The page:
Would you keep Elijah in your Newsfeed?
The program agenda called it an altar call. Really it was a call for those who needed prayer to step out in a crowded room, admit their need and come forward.
I stepped up to receive whomever might come, not expecting that many of the great needs that stood singing before me, would be brave enough to expose their neediness among the women gathered.
The truth was that I was as needy as anyone in there. It might not have been apparent because I stood at the front as a leader, a minister of encouragement, someone who had it all together.
Every day I am needy-- every day I need the Bread of Life. I don’t get enough on Sunday morning. I need to lay down my life daily, pick up my cross and live by faith. I need Jesus and I want to be mindful of that each morning I wake up in this world.
She came from somewhere in the back. Head down, she watched her feet step their way past the rows of chairs and along the cinder block wall. The room was dim. Candles flicked behind me. Near the front, she lifted her head, caught my eyes, held out her hands. I leaned forward to ask her name and her need.
She smelled of cigarette smoke and greasy hair, her shirt hung off her shoulders and her pants puddled around her shoes. I looked into her eyes and I saw desperate---desperate for God, desperate for hope, desperate for acceptance.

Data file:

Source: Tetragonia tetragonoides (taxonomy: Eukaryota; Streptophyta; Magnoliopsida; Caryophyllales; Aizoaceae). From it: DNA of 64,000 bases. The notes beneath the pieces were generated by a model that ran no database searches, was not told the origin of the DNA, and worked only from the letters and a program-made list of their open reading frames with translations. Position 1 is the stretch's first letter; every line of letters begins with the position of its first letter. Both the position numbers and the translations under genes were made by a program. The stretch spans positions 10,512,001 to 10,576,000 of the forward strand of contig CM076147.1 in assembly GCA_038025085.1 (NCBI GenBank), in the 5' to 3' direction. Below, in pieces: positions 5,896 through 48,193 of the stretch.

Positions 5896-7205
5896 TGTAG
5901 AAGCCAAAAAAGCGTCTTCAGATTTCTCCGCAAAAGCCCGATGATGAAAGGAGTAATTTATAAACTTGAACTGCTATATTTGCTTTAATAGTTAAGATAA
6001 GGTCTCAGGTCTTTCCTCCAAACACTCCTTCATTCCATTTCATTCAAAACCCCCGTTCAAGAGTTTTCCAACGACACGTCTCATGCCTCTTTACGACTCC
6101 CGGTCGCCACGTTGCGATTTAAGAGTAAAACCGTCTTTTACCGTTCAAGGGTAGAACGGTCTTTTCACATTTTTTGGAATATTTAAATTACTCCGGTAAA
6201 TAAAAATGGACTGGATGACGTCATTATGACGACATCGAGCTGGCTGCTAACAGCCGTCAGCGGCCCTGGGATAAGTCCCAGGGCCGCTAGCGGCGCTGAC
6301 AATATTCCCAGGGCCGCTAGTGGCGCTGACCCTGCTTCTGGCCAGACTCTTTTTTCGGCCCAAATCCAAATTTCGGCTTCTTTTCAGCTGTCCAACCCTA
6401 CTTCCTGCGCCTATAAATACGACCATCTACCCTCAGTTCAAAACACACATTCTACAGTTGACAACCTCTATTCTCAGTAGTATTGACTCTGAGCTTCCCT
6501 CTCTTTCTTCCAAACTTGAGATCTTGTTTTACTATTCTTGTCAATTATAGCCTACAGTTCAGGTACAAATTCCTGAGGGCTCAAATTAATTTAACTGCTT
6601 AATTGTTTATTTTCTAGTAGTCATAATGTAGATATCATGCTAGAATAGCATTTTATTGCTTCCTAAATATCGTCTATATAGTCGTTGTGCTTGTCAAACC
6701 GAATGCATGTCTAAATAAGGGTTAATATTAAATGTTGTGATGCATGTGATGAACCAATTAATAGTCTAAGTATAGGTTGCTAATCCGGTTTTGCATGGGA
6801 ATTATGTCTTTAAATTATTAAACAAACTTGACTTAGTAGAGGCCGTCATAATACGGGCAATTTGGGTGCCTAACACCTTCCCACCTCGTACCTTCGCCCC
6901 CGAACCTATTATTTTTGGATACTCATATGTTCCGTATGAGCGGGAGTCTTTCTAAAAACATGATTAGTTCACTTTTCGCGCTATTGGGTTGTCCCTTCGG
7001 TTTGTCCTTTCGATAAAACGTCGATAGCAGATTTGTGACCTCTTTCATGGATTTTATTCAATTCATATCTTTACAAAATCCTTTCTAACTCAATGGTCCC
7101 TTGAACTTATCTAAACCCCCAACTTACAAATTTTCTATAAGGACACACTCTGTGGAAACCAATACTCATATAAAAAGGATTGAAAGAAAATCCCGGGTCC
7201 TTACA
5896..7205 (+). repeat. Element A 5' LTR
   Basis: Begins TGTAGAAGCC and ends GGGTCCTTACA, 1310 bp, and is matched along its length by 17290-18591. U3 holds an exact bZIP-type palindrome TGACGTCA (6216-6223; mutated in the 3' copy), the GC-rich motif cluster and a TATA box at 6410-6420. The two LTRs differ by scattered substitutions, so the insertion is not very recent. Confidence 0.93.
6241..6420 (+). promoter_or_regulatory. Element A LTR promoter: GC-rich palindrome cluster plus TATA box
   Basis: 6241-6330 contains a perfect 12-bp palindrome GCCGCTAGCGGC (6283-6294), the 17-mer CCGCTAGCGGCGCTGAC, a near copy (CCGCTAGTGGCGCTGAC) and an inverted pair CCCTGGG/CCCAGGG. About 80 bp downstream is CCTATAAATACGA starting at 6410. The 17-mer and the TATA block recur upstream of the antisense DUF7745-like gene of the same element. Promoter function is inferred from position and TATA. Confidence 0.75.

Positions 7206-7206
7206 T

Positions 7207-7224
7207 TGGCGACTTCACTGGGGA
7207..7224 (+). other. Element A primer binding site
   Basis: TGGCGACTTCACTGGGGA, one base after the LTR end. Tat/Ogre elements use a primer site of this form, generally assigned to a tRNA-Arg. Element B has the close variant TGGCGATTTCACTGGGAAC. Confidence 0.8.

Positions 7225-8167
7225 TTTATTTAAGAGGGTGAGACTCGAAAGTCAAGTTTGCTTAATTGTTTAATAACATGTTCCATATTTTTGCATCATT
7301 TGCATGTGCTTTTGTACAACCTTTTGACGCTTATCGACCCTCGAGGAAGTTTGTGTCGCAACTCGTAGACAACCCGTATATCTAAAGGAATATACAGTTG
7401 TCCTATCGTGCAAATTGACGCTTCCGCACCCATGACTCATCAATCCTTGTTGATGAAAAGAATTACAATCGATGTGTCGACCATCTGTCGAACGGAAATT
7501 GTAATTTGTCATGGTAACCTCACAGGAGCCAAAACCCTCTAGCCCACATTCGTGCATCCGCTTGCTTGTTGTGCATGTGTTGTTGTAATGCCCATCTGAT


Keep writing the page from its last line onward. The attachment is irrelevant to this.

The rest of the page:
She confided her need and it was great. I could not relate, no experience from my life could I draw deep from a well of empathy. I had never walked in her shoes. We prayed but the words were mine. My prayer for her reached beyond to the only One who knew the depths of her need and the only One who could give her the comfort, the hope, she had stepped forward to find.
I was grateful she was small like me. She may have been a tad shorter. I reached around her and held her tight, a prayer embrace that we both needed, these strangers desperate before God clutched to hope at a place in a room that, for a moment, became an altar.
We live in desperate days.
We can live in denial and say we don’t. We can put up our perfect on Facebook or Instagram. We can tweet cleverness out into the cyber-world, seek a following, a tribe of our own.